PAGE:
Halloween is right around the corner, and will bring the annual flood of Draculas, Frankensteins and Zombies along with it. These ghoulish characters have gone global, along with the celebration of Halloween, but did you know that Halloween has a long tradition in Ireland?
For many, many years, we’ve celebrated Oíche Shamhna, which translates to ‘Autumn Night’ and represents the last night of the year on the old Gaelic calendar when the Harvest season gives way to dark Winter. Tradition has it that on the night of Halloween, the souls of all our dead ancestors emerge from under the earth and walk among us for just one night. The masks and costumes we associate with Halloween were originally intended to confuse any vengeful spirits, and keep one safe and anonymous.
Now what in the world has any of this got to do with Corvil?
Well, it is true that our roots are in Dublin and we do get our name from the Irish word for mosquito. But this is really about time, or more specifically the nexus of time, uncertainty, options and information.
In today’s electronic trading markets every financial instrument represents the right to receive some future cash flow. Because these cash-flows are in the future, there is always uncertainty about the outcome, which is affected by the options taken. To manage uncertainty and improve our options requires timely information.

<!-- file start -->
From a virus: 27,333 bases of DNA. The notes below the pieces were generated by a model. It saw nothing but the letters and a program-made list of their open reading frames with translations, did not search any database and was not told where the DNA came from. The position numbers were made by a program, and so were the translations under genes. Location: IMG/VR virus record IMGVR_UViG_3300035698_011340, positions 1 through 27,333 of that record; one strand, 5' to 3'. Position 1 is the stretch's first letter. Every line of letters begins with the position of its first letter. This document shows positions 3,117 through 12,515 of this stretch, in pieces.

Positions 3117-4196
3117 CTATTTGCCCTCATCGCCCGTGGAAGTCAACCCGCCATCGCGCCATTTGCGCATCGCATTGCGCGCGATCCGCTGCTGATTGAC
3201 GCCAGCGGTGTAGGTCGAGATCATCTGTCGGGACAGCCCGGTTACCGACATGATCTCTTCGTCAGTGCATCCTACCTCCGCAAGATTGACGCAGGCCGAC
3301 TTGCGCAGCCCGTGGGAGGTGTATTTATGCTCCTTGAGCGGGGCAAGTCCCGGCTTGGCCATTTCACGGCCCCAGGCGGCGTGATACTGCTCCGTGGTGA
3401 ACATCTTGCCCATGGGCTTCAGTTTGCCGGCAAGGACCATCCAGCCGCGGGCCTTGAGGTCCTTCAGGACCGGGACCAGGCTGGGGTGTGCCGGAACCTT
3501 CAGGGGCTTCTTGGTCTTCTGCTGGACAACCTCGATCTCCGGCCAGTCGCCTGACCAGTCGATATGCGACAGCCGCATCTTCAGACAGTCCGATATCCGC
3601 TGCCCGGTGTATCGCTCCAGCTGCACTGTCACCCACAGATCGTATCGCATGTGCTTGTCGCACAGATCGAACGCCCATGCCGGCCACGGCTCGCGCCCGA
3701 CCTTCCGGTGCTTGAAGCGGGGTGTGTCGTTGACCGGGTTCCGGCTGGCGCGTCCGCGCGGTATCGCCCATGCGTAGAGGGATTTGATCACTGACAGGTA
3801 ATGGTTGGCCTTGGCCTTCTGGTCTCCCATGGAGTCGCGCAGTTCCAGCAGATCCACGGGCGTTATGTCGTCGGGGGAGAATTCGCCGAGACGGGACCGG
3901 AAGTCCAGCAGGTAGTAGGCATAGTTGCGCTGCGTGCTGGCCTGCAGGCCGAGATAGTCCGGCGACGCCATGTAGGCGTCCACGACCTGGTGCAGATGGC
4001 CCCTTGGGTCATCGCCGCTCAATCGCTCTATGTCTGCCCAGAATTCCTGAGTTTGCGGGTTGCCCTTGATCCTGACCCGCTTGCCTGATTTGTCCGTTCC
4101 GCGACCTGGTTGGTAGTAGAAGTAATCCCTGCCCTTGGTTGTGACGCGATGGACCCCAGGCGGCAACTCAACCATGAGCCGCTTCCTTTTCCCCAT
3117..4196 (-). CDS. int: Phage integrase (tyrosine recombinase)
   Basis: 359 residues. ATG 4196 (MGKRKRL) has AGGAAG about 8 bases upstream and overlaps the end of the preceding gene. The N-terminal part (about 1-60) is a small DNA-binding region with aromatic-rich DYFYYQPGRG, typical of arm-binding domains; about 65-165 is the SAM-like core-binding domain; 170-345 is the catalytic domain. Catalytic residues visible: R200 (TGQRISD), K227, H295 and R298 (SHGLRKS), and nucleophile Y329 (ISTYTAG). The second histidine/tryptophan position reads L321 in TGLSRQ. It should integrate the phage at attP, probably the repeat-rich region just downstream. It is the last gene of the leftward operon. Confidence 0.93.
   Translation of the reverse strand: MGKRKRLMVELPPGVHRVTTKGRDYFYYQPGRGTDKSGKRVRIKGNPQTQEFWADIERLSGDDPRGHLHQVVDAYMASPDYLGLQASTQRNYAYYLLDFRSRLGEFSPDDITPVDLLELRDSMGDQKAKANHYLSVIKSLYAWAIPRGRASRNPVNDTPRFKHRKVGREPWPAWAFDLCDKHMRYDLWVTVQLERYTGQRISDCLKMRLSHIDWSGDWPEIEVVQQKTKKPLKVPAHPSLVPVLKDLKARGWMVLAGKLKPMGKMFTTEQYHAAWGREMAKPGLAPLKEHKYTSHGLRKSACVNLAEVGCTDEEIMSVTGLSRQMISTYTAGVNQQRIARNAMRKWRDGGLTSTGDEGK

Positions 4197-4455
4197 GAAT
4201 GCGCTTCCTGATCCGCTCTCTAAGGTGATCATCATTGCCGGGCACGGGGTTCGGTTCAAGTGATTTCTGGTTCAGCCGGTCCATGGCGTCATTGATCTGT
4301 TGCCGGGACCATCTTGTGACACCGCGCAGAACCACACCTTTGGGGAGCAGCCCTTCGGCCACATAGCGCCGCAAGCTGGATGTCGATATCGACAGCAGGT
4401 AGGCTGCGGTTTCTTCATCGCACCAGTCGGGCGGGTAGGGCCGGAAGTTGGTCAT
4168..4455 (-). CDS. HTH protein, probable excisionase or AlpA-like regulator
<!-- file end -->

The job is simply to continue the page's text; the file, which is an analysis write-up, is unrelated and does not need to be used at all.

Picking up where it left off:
Not too long ago we had no electricity to light our way in the dark night, and no understanding of infectious diseases or the real origin of comets. In any year where the harvest was poor, simply surviving to the following Spring was the real concern. Most people only had limited “fixed assets” in the form of livestock, and so had very few options for trading.
In today’s electronic marketplaces a high speed trader only ‘owns’ a security on a scale of microseconds. With the vast amount of available information and the array of hedging options at our disposal, you might think the uncertainty or risk is vanishingly small. And it is—in theory. But just this month we saw another ‘flash crash,’ this time on sterling/dollar rates in currency markets. Some reports pointed to key speeches on Brexit as the trigger, and others suggested an algorithm called Cowpox was to blame. Whatever it was, the key point is that this non-linear ghost in the machine could wreak havoc and disappear again without a trace.
In our early history the timescales were measured in days or seasons and the ‘ghosts’ were out in the dark forests. In today’s electronic markets the key events happen in machine-time and the ghosts are ‘in here,’ with us, in our dense thicket of application and network services. These ghosts can only be detected and understood by other machines that are equally lightweight and fast to react.
The prime brokerage firms provide their clients with trading algorithms that have quite scary names like Chameleon, Stealth and Guerilla. It seems clear that even the major investment banks consider it safe practice to go about wearing a mask as well.